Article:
What a trip!
23.09.2013 - 23.09.2013
We have had a growing interest in the Oregon Trail since moving to the Northwest a few years ago. This trip of wandering the West has allowed us to explore some of the sites we've only read about up to now.
In an earlier post, I mentioned the National Oregon/California Trail Center in Montpelier, Idaho. The volunteers there do a great job of storytelling, and making one feel that you really are leaving everything behind on a possibly fool-hardy trip to unknowns in Oregon or California.
We spent a couple of hours at Fort Laramie, in eastern Wyoming, exploring the restored buildings, and understanding the importance of this trading post and army outpost as a welcome respite to wagon train travelers coming across the prairies. In the restored and furnished general store, I could visualize the line of women waiting to buy coffee and flour, the men examining the leather straps and saddles. (And, the Indian activities at this fort were important, but rather sad.)
Just a few miles up the road, outside Gurnsey, Wyoming, are the best-preserved wagon ruts yet found. The wagons were forced to travel single-file through narrow sandstone passages above the Platte River, and we actually walked in those same deep ruts that the hopefuls did 150 years ago. Just 2 miles down the road is Register Cliff State Monument, a sandstone cliff in which wagon train travelers carved their names, some the date they passed here, some the state they came from. It is interesting for me to note that the state most represented is Ohio!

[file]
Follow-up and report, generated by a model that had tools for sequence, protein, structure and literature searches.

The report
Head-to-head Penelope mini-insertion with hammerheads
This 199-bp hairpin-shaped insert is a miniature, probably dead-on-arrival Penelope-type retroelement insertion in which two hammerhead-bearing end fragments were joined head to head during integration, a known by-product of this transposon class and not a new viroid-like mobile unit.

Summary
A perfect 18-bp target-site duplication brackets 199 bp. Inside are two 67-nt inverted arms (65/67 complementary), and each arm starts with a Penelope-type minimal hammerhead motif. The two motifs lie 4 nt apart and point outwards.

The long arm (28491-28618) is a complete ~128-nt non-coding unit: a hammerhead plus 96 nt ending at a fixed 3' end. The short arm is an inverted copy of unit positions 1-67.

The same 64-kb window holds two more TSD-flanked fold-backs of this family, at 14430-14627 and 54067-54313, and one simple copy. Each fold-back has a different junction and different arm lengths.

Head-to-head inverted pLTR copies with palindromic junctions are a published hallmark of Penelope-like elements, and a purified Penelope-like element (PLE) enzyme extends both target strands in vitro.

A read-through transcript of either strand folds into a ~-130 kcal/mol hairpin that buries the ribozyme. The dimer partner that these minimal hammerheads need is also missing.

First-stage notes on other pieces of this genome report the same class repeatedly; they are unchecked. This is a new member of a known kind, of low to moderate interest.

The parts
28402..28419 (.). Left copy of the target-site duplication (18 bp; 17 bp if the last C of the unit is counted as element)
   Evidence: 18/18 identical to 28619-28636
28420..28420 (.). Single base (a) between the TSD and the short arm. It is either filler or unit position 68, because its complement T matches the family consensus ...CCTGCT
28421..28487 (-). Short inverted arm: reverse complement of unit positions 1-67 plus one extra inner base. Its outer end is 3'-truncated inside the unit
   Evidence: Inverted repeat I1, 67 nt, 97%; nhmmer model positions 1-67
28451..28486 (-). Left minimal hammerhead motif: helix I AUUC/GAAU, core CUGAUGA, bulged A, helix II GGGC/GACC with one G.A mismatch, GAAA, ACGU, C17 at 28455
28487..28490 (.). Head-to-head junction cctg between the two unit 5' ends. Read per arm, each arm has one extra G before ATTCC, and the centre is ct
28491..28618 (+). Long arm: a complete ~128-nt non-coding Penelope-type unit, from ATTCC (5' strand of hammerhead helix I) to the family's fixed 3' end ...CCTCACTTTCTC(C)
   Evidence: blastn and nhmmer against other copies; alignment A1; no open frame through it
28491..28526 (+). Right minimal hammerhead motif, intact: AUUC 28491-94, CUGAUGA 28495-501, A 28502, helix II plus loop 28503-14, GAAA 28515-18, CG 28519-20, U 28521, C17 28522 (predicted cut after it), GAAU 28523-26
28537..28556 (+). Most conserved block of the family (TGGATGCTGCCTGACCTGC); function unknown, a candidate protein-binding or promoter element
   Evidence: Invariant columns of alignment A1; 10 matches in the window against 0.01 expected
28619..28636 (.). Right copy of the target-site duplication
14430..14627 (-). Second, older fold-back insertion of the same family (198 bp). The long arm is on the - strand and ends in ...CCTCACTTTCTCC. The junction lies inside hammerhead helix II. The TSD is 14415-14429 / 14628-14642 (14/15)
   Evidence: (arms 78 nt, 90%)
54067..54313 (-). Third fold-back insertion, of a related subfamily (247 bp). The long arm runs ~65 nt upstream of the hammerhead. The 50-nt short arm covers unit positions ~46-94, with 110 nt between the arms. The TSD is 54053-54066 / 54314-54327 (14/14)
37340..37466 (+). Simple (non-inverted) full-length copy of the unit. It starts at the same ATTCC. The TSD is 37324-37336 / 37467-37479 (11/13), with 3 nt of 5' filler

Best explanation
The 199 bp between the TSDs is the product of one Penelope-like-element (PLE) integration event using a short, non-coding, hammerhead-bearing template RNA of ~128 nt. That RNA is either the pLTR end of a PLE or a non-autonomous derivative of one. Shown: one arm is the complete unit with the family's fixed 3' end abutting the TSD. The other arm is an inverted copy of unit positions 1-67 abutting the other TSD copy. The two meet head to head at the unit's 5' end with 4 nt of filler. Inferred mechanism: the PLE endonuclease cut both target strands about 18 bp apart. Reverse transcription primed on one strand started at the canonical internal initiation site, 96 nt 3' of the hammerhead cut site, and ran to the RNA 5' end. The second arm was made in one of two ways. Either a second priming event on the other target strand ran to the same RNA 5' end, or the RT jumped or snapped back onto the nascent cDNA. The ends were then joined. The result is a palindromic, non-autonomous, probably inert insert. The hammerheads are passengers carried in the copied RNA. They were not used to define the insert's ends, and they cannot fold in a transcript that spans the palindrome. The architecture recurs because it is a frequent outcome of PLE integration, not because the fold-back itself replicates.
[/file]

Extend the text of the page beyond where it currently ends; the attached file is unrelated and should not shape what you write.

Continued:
The following day, we drove southwest of Casper, Wyoming to see Independence Rock. This is a significant "milepost" of sorts for the wagon pioneers, an easily recognizable granite rock, probably no more than 50 or 60 feet high and about two football fields in length. The pioneers thought that if they reached this rock by the 4th of July, they would likely make it over the Rockies before winter set in. We walked the entire circumference of the rock, again imagining the wagons camped down near the Sweetwater River, and celebrating their accomplishments at making it this far, trying to put aside the fears of the arduous route ahead over the mountains.
We crisscrossed the old wagon trails several times in Oregon, Idaho and Wyoming. Each time our respect for these emigrants has deepened.